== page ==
Show Posts
Pages: 1 [2] 3 4 ... 14
16  Forum 2005-2010 (read only) / Interfacing / Re: 30 Second Timer + LED Display + Pager Motor HE on: April 21, 2008, 11:39:08 am
My approach to this would not be to use interrupts, but to use state machines which are checked every milli second.

In pseudo code in the main loop I would havesomething like:

prvMilli = 0;

  crtMilli = millis();
  if (crtMilli != prvMilli) {
    prvMilli = crtMilli;    

    // this bit runs every milli second - check for things to do

   if (serial.available){
     get the serial character
     if (serchar = 'a'){
      do the a thing
     if (serchar = 'b'){
        do the 'b' thing
     TimerVal --;
     if (TimerVal =<0){
        TimerVal = 5000;

        do teh 5 second timer stuff


All processes would be implemented as state machines with none of the states taking longer than a milli second - that way there are no clock cycles wasted.

I hope that was clear(ish).

Sorry for not putting up proper code - my first coding language isn't c.


17  Forum 2005-2010 (read only) / Interfacing / Re: Arduino + PHP on: March 19, 2008, 09:31:47 am
I have no experience with Processing, but with VB and Delphi there are several libraries "out there" that will do serial comms.

For Delphi, I know more Delphi than VB, this one look scompetent:


18  Forum 2005-2010 (read only) / Interfacing / Re: Arduino + PHP on: March 18, 2008, 05:03:23 am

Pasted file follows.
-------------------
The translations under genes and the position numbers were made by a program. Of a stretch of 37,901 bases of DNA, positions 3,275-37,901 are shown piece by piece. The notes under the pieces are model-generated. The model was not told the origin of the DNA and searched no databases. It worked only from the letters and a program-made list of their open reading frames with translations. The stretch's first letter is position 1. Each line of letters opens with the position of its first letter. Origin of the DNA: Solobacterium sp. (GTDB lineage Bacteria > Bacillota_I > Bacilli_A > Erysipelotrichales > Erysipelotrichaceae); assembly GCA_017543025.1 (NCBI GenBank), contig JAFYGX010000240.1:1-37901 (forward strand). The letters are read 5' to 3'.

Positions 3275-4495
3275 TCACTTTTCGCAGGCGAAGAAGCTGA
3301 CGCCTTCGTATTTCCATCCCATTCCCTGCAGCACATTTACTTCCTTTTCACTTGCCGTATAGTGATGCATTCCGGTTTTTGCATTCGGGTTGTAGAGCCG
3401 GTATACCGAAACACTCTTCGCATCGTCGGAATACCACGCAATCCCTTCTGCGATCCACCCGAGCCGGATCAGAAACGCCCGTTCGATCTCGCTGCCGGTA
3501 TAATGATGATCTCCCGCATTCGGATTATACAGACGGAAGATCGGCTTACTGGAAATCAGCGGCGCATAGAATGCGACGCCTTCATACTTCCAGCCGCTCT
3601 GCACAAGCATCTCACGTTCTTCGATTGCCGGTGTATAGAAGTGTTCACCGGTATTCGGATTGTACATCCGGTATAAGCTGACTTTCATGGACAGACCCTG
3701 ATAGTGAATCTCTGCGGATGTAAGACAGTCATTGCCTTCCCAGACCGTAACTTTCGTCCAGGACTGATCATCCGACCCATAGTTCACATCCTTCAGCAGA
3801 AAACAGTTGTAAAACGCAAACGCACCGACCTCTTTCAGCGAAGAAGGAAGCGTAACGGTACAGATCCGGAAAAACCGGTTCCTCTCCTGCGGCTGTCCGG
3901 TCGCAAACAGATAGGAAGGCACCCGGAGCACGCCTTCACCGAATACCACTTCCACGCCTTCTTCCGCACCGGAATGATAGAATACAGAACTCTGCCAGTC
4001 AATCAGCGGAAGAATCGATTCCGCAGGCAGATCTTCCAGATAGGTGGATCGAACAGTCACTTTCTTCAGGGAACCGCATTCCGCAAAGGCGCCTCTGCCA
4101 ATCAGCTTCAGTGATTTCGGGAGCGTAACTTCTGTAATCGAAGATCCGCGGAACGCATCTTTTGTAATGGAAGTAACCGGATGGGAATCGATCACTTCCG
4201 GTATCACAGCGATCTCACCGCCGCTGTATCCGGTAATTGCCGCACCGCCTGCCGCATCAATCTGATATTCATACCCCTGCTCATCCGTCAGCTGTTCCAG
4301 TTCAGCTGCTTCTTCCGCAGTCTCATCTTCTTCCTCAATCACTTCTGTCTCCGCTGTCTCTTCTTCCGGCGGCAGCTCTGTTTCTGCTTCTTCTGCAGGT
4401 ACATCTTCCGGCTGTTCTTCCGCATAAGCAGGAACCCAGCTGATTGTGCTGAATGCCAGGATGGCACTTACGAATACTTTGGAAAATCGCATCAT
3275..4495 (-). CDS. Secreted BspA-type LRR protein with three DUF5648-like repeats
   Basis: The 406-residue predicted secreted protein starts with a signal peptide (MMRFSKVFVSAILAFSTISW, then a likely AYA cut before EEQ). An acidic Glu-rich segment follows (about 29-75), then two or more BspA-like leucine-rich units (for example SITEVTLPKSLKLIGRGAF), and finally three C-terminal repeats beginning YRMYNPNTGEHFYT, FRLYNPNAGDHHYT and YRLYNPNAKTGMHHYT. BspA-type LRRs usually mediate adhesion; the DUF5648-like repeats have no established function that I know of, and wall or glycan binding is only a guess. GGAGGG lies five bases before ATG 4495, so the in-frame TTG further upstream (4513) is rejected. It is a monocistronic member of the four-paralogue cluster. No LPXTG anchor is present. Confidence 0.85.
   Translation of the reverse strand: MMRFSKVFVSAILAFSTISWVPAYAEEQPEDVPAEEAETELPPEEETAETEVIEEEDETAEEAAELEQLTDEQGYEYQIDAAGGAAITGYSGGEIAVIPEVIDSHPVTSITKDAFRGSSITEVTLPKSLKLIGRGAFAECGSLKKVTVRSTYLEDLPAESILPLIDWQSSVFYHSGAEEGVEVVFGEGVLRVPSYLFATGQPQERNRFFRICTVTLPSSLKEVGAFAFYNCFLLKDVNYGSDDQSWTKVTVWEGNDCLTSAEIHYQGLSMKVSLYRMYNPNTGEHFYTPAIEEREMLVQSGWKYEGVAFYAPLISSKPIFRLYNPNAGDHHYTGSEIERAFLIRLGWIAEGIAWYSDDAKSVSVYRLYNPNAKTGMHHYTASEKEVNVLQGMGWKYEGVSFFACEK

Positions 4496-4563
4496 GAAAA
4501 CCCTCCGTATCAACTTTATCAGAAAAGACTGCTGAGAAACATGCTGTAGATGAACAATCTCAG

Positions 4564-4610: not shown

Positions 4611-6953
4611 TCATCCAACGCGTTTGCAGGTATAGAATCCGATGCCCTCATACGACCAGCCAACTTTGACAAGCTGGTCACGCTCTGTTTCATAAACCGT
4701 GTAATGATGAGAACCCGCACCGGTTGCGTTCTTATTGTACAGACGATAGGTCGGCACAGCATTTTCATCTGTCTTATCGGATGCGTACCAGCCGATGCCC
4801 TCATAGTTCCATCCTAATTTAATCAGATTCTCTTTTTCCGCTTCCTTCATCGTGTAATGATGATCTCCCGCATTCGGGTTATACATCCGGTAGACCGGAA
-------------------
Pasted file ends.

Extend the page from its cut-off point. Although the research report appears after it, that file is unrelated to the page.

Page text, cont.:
OK - I understand now.

This is most easily done using serial ports.

The arduino communicate to the PC using the serial port. You need an application running on the PC which can read and write to the serial port. This app can be written in C, but maybe easier in Visual Basic, Delphi or Processing.

That application will be able to poll an email server directly or it can call a PHP script running on a server somewhere.


19  Forum 2005-2010 (read only) / Interfacing / Re: Arduino + PHP on: March 17, 2008, 09:25:09 am
Arduino with PHP?

This could mean a number of things:

1) Running PHP on an Arduino, like you would on a webserver.

2) Comiling PHP so it runs on the Arduino in a similar way to C/C++ in the IDE.

3) Running some code on the Arduino which calls a php script on a web server.

Can you elaborate on what you are trying to do?